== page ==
I encounter a deluge of frustrating microaggressions every day I am in Korea. Simply because I am white, I must be unable to speak Korean, use chopsticks, eat spicy food, keep my floor clean, or successfully engage in any activity that the locals (often incorrectly) assume to be a unique aspect of their own culture. Normally I try to clamp down on the hardwired anger that flares up at the baseless application of these generalizations to my person. And instead take some small pleasure in executing some mental swordplay on the respect I hold for the perpetrators.
But some situations call for more.
On Saturday I took part in a research focus group on the American chewing gum market. I had a free afternoon after most of my finals and it paid pretty well for two hours of just chatting about gum. Simple, right? If it were, I suppose that I wouldn’t have felt the burning urge to follow up my experience with the letter below (for those of you who can’t speak Korean, use chopsticks, eat spicy food, keep your floors… okay, who can’t read Korean, I’ve appended the English translation afterward. I warn you that it reads as though it has been awkwardly translated from Korean. Because it was.)
What are your thoughts, dear readers? Did I win a small victory for social justice, or did I just take things too far? I’m interested in your opinions.
ㅇㅇㅇ Research 관계자 각위에게:
귀사에 이 편지를 쓰는 이유는 2013년6월14일에 있
2013년6월14일 오후 15:00시에 미국의 껌 시장
그러나 조사에 참여하기 전에 아주 불쾌한 일이 하나 일
그분의 걱정은 이론적으로 일리있을 수 있다고 하는데 제
그런데 저 분은 이런 가능성에 대해서 고려하지 않고 자
그럼으로써 가장 심한 편견을 갖고 계시는 한국인은 바로
그래도 저는 처음 만난 ㅇㅇㅇ씨랑 싸우고 싶지 않아서
이미 말씀을 해드린 듯 ㅇㅇㅇ Research의 설문조사에 참가하는 전반적 경험은 아
토요일의 프로젝트처럼 외국인을 대상으로 된 마케팅 조사
이 설문조사에 참가하는 기회를 주셔서 다시 감사드리고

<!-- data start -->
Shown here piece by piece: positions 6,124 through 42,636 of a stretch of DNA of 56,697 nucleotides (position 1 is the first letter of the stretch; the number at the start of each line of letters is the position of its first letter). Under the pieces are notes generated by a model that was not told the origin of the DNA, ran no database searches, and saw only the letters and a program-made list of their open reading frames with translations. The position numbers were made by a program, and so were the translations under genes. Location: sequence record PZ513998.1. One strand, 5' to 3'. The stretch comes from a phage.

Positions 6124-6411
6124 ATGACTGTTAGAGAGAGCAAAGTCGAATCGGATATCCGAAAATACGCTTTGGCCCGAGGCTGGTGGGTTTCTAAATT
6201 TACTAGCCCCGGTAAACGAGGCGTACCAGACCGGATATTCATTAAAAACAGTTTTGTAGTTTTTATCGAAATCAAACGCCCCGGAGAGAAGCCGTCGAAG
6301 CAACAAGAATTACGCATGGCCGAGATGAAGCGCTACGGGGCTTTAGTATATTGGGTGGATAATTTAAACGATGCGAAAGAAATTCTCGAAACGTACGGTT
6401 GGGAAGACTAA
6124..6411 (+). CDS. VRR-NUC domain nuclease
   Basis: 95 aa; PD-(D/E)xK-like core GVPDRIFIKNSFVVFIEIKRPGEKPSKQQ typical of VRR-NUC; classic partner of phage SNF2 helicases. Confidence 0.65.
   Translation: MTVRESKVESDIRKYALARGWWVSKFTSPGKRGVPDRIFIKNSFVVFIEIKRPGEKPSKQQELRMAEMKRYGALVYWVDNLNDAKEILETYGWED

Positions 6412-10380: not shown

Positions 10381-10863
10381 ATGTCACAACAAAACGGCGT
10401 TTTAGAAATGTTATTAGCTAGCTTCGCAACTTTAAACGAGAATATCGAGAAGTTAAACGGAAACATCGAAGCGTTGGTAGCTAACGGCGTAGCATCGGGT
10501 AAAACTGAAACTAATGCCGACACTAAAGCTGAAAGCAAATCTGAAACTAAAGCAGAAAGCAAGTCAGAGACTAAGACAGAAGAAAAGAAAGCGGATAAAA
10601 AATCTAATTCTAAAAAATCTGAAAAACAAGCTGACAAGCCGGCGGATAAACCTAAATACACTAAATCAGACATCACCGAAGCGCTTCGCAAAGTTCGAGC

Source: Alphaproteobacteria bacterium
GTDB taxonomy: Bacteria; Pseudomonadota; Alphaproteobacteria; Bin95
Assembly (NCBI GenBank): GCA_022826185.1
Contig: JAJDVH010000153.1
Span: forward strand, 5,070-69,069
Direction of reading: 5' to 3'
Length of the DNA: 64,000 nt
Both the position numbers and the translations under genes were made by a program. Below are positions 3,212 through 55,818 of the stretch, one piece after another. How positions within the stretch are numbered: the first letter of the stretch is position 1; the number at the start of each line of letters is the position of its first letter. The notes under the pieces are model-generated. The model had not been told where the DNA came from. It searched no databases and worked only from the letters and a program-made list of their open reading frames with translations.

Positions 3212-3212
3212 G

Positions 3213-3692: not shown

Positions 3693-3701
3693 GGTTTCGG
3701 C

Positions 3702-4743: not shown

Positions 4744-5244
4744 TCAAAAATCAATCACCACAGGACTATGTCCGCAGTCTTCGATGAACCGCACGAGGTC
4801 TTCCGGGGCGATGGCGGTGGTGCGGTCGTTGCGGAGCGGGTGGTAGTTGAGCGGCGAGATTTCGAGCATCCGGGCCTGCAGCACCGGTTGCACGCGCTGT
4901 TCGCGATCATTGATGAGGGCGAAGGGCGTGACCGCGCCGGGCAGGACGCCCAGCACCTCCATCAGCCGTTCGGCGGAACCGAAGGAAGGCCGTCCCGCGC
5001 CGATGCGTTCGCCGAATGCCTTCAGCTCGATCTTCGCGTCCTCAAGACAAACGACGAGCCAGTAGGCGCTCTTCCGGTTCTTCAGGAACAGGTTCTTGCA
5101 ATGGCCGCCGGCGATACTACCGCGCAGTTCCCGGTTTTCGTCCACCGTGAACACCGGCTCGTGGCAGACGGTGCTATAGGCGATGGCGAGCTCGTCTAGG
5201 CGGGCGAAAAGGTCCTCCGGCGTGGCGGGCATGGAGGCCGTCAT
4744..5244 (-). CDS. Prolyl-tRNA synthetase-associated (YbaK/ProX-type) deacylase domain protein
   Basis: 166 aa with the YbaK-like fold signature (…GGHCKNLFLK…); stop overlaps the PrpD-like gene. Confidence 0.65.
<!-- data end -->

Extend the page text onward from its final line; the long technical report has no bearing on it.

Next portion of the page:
To Whom It May Concern at ㅇㅇㅇ Research:
The reason that I am writing this letter to your company is to inform you of an incident that occurred during my participation in a June 14, 2013 survey on American chewing gum markets as well as provide you what might be helpful advice for managing such surveys in the future.
I will begin by thanking you again for allowing me to participate in your American gum market survey at 3:00 P.M. on June 14, 2013. On the whole, it was a pleasant experience. When Mr. ㅇㅇㅇ from your company contacted me on the telephone on Friday, he was relatively polite. From the moment I entered ㅇㅇㅇResearch’s office on Saturday, every employee with whom I interacted was also very polite and kind and even prepared water, juice, and snacks for the survey participants. Finally, I had a very pleasant time conversing with everybody during the survey meeting. Thank you again for creating as comfortable an environment as possible for us survey respondents; if another opportunity to cooperate with ㅇㅇㅇ Research presented itself I would pursue it without hesitation.
But as I was joyfully immersed in this experience, one very memorable incident arose. When the employee responsible for survey respondent recruitment, ㅇㅇㅇ, first contacted me on the phone, I picked up and answered in Korean, as I normally do. Even though every email I had sent this person before talking with him on the phone had been in Korean, he still suspiciously asked whether I was Kelley upon hearing me speak the language. I answered in the affirmative. But maybe because I continued to use Korean and not English, he continued to suspiciously ask me whether I was really American, really white, really not biracial, really not an overseas Korean. Even when I explained to him multiple times that I was a European-American who had learned Korean as a second language he very clearly continued to be suspicious. Finally, he said something that struck me as rather odd and surprising: “Judging from the sound of your voice, I believe that you are sincere, but other Korean people have a stereotype that foreigners cannot speak Korean, so if our client hears you speaking Korean tomorrow he/she might think that I was unable to recruit foreigners who have been in Korea for less than three years as required by our study.” Then he made me promise that on Saturday I would not “cause any trouble by speaking Korean” and hung up.